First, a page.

Increasing labor productivity is generally hailed as a positive outcome of technological innovation. The production of more goods and services with fewer hours worked allows for both higher standards of living and decreased inflationary pressure, since wage increases can result from increased productivity and are not translated into higher costs for goods and services. Increased labor productivity has been promoted through government policy, such as tax breaks for capital investment and direct investment in technological innovation. It has also been promoted ideologically by both the left (Karl Marx for example) and the supply-siders.
However, in a world of limited natural resources, and high unemployment, perhaps increased labor productivity is too much of a good thing. If increased labor productivity were translated into fewer hours worked as well as increased wages for workers, along with lower, or at least constant, prices for goods and services, it is possible that labor productivity improvements would be seen as a pure benefit. However, there would still be the issue of environmental degradation and resource depletion. It is also clear, particularly in the U.S., that increased labor productivity has not been a boon to workers.
Since 1980, average labor productivity in the US has increased 2 percent per year yet average worker pay has remained stagnant and the average number of hours worked has not decreased. The great promise that increased productivity would lead to increased wealth and leisure time seems to not have come true for the majority of workers. Increased productivity has led to increased profits instead of higher wages. Increased labor productivity has also led to increased levels of unemployment. Fewer workers are needed to produce the same amount of goods and services.
While unemployment levels in OECD countries are decreasing since their post-financial crisis highs, an important debate in the academic literature, as well as in popular literature and policy circles, is whether higher unemployment rates are the new norm. In other words, are the higher unemployment levels now experienced in many nations structural or cyclical: part of the structure of the economy or just a temporary result of the downturn?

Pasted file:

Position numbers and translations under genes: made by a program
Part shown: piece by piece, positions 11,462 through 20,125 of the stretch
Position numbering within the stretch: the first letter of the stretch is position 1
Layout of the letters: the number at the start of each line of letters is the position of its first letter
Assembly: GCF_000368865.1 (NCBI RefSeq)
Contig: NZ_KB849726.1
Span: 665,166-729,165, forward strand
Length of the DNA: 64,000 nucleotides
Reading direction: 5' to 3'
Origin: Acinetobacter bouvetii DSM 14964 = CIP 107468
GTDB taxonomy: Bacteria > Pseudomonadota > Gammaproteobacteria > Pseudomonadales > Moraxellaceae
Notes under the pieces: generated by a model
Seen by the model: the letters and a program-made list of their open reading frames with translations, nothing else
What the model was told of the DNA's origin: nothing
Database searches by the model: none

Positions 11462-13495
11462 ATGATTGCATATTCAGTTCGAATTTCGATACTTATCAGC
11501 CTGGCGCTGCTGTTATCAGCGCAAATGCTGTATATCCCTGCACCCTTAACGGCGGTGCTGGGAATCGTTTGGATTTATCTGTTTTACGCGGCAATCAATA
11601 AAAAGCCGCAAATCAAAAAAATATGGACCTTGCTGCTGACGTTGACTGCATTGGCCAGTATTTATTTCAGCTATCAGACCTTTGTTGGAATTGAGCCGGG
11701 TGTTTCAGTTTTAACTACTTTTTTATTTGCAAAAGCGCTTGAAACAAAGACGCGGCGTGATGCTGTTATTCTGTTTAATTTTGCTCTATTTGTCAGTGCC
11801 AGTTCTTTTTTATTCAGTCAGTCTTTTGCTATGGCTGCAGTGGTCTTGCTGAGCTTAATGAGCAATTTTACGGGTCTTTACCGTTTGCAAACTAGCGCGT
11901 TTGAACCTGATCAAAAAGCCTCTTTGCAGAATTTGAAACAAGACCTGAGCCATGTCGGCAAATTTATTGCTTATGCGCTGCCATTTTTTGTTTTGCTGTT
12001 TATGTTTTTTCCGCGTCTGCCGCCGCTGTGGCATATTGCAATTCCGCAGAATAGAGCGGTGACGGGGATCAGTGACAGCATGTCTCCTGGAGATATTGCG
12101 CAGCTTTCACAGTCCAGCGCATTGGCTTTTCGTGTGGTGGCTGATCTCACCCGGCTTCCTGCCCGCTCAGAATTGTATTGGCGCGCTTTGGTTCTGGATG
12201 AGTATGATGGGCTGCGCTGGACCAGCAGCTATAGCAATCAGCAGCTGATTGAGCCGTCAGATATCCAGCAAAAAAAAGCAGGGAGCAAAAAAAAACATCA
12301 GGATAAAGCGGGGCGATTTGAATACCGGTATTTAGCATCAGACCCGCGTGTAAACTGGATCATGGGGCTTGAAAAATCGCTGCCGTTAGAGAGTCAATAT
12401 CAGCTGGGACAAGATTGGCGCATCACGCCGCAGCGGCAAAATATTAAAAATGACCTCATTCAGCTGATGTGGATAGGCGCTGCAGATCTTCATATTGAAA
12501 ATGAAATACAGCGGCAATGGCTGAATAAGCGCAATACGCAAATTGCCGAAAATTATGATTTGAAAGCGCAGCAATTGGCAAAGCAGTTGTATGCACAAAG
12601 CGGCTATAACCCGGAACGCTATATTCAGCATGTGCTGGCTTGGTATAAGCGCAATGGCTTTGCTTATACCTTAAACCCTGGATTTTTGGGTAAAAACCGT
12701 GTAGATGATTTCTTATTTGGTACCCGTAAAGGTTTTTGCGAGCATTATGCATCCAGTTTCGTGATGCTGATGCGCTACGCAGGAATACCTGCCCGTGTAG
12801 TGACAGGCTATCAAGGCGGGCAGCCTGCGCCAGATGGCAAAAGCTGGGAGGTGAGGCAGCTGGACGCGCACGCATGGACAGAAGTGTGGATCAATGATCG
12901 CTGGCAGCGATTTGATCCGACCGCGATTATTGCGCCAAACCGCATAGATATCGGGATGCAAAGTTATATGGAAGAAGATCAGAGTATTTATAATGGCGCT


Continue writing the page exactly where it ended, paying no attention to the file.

There are valid reasons to believe that higher unemployment rates may well be structural in wealthier OECD nations due to the globalization or production, increased wealth disparities, and a host of other issues. Fundamental to this conversation are the limitations in potential growth in material wealth based on ecosystem and resource constraints. On an infinite planet, economic growth could continue unhindered and unemployment would be purely a coordination problem. However, given resource and thermodynamic constraints, continued economic growth is constrained to growth in services and quality (not quantity) or goods. To move to a service-based and quality-focused economy requires economic restructuring (and a different mindset). Given our current industrial structure, a return to full employment, if it does occur, cannot be long-lived.
The problem of resource constraints is actually exacerbated by increased labor productivity -- the resources are depleted at the same or higher rate. It's just that energy and machines are doing the depleting rather than human labor.
There is no one solution to structural unemployment but there are strategies to reduce the problem. France approached the challenge of unemployment and increased productivity by legislating a shorter workweek. In the U.S., if the gains from productivity were distributed to the worker, many workers could work 30 hours per week or less at the same salary levels as they had in the early 1980s. This would make room for additional workers to enter the workforce. So one solution to structurally higher unemployment rates is to mandate a shorter workweek and ensure that worker compensation reflects productivity increases.
Another important element of reducing unemployment is increased education. Less skilled workers can more easily be replaced by machines. Less educated workers have seen a decrease in average wages since 1980 and currently experience the highest unemployment rates. Then, of course, there are professions where productivity increases are possible but workers are much harder to replace, such as education and medicine.
The rush to automate continues. As the human population grows and resources become more scarce, we may fine that we wish to back-track and starting using more human labor for production. Or we might even be forced to do so.
image: The Hamster Factor via Flickr cc (some rights reserved)